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The structural neuroanatomy of music emotion recognition: evidence from frontotemporal lobar degeneration.
Neuroimage. 2011 Jun 01; 56(3):1814-21.N

Abstract

Despite growing clinical and neurobiological interest in the brain mechanisms that process emotion in music, these mechanisms remain incompletely understood. Patients with frontotemporal lobar degeneration (FTLD) frequently exhibit clinical syndromes that illustrate the effects of breakdown in emotional and social functioning. Here we investigated the neuroanatomical substrate for recognition of musical emotion in a cohort of 26 patients with FTLD (16 with behavioural variant frontotemporal dementia, bvFTD, 10 with semantic dementia, SemD) using voxel-based morphometry. On neuropsychological evaluation, patients with FTLD showed deficient recognition of canonical emotions (happiness, sadness, anger and fear) from music as well as faces and voices compared with healthy control subjects. Impaired recognition of emotions from music was specifically associated with grey matter loss in a distributed cerebral network including insula, orbitofrontal cortex, anterior cingulate and medial prefrontal cortex, anterior temporal and more posterior temporal and parietal cortices, amygdala and the subcortical mesolimbic system. This network constitutes an essential brain substrate for recognition of musical emotion that overlaps with brain regions previously implicated in coding emotional value, behavioural context, conceptual knowledge and theory of mind. Musical emotion recognition may probe the interface of these processes, delineating a profile of brain damage that is essential for the abstraction of complex social emotions.

Authors+Show Affiliations

Dementia Research Centre, Institute of Neurology, University College London, London, UK.No affiliation info availableNo affiliation info availableNo affiliation info availableNo affiliation info availableNo affiliation info availableNo affiliation info availableNo affiliation info availableNo affiliation info available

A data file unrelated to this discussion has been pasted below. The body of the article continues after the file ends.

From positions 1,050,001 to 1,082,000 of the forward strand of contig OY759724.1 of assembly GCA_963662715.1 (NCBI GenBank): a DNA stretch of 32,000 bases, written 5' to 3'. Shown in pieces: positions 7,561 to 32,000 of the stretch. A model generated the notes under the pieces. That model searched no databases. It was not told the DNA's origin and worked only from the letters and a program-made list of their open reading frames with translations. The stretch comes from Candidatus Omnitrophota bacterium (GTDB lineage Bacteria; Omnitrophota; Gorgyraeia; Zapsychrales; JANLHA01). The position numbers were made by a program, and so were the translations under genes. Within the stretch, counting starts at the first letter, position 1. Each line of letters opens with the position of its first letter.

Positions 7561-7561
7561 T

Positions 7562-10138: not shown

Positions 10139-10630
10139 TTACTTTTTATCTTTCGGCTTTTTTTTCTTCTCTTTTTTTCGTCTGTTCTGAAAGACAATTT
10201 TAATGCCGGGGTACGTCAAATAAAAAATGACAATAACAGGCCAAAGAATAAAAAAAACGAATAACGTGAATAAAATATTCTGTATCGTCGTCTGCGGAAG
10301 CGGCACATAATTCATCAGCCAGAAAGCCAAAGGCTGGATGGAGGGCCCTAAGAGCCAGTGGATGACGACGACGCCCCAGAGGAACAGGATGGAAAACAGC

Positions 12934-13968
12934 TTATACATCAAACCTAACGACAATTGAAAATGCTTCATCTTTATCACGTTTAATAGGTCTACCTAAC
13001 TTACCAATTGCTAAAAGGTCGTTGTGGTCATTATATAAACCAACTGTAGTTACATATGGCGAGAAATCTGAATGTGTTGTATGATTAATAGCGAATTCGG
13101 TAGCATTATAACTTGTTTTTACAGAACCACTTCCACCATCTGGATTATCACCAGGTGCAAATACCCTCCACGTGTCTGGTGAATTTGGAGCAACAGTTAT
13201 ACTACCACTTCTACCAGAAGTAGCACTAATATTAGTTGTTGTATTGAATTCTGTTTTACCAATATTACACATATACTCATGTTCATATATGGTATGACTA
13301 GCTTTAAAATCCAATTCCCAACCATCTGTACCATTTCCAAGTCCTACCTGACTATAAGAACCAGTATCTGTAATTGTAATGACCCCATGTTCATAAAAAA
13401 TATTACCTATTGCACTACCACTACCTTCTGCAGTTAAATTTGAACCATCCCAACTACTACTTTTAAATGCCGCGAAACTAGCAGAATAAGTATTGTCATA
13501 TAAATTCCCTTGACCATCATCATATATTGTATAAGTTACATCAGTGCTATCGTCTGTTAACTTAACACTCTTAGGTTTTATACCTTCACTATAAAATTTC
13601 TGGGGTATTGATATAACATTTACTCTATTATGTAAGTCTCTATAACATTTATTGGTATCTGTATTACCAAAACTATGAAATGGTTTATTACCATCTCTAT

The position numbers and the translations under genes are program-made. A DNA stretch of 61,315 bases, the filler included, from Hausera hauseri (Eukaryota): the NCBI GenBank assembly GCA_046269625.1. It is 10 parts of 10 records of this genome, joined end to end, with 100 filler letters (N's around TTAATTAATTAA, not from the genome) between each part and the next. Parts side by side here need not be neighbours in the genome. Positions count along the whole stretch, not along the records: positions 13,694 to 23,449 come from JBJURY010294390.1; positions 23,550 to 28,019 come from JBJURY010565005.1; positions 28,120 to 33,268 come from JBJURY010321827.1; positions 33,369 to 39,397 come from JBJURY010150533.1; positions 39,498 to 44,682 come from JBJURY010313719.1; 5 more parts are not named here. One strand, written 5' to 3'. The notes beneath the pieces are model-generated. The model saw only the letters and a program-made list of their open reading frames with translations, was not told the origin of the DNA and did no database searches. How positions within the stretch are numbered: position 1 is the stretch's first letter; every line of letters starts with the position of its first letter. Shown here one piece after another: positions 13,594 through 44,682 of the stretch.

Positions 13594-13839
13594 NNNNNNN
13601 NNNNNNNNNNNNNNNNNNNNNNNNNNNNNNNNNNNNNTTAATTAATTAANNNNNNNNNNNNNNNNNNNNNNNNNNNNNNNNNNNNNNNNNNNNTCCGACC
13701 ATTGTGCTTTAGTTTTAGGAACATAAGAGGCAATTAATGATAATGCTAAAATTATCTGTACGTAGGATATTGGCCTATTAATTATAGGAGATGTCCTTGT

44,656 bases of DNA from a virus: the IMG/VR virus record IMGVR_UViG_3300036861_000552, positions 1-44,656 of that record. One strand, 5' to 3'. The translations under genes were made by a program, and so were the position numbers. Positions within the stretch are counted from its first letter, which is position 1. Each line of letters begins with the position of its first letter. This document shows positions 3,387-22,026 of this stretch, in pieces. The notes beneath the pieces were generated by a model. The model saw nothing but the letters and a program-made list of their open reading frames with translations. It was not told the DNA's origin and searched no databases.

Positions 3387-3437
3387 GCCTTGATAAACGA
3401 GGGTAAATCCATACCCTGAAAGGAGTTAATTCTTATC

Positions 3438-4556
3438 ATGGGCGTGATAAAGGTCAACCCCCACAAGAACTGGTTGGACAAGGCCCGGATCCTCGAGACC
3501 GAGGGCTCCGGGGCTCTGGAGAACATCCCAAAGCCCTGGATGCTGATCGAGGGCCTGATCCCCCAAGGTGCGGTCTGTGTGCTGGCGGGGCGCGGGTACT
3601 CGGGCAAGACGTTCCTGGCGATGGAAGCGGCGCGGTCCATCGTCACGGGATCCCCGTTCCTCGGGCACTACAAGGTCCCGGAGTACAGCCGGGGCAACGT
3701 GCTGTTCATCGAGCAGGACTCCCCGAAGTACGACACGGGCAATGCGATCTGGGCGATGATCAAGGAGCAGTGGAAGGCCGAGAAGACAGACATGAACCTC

Pub Type(s)

Journal Article
Research Support, Non-U.S. Gov't

Language

eng

PubMed ID

21385617

Citation

Omar, Rohani, et al. "The Structural Neuroanatomy of Music Emotion Recognition: Evidence From Frontotemporal Lobar Degeneration." NeuroImage, vol. 56, no. 3, 2011, pp. 1814-21.
Omar R, Henley SM, Bartlett JW, et al. The structural neuroanatomy of music emotion recognition: evidence from frontotemporal lobar degeneration. Neuroimage. 2011;56(3):1814-21.
Omar, R., Henley, S. M., Bartlett, J. W., Hailstone, J. C., Gordon, E., Sauter, D. A., Frost, C., Scott, S. K., & Warren, J. D. (2011). The structural neuroanatomy of music emotion recognition: evidence from frontotemporal lobar degeneration. NeuroImage, 56(3), 1814-21. https://doi.org/10.1016/j.neuroimage.2011.03.002
Omar R, et al. The Structural Neuroanatomy of Music Emotion Recognition: Evidence From Frontotemporal Lobar Degeneration. Neuroimage. 2011 Jun 1;56(3):1814-21. PubMed PMID: 21385617.
* Article titles in AMA citation format should be in sentence-case
TY - JOUR T1 - The structural neuroanatomy of music emotion recognition: evidence from frontotemporal lobar degeneration. AU - Omar,Rohani, AU - Henley,Susie M D, AU - Bartlett,Jonathan W, AU - Hailstone,Julia C, AU - Gordon,Elizabeth, AU - Sauter,Disa A, AU - Frost,Chris, AU - Scott,Sophie K, AU - Warren,Jason D, Y1 - 2011/03/06/ PY - 2010/10/19/received PY - 2011/02/14/revised PY - 2011/03/01/accepted PY - 2011/3/10/entrez PY - 2011/3/10/pubmed PY - 2011/7/26/medline SP - 1814 EP - 21 JF - NeuroImage JO - Neuroimage VL - 56 IS - 3 N2 - Despite growing clinical and neurobiological interest in the brain mechanisms that process emotion in music, these mechanisms remain incompletely understood. Patients with frontotemporal lobar degeneration (FTLD) frequently exhibit clinical syndromes that illustrate the effects of breakdown in emotional and social functioning. Here we investigated the neuroanatomical substrate for recognition of musical emotion in a cohort of 26 patients with FTLD (16 with behavioural variant frontotemporal dementia, bvFTD, 10 with semantic dementia, SemD) using voxel-based morphometry. On neuropsychological evaluation, patients with FTLD showed deficient recognition of canonical emotions (happiness, sadness, anger and fear) from music as well as faces and voices compared with healthy control subjects. Impaired recognition of emotions from music was specifically associated with grey matter loss in a distributed cerebral network including insula, orbitofrontal cortex, anterior cingulate and medial prefrontal cortex, anterior temporal and more posterior temporal and parietal cortices, amygdala and the subcortical mesolimbic system. This network constitutes an essential brain substrate for recognition of musical emotion that overlaps with brain regions previously implicated in coding emotional value, behavioural context, conceptual knowledge and theory of mind. Musical emotion recognition may probe the interface of these processes, delineating a profile of brain damage that is essential for the abstraction of complex social emotions. SN - 1095-9572 UR - https://www.unboundmedicine.com/medline/citation/21385617/The_structural_neuroanatomy_of_music_emotion_recognition:_evidence_from_frontotemporal_lobar_degeneration_ L2 - https://linkinghub.elsevier.com/retrieve/pii/S1053-8119(11)00261-8 DB - PRIME DP - Unbound Medicine ER -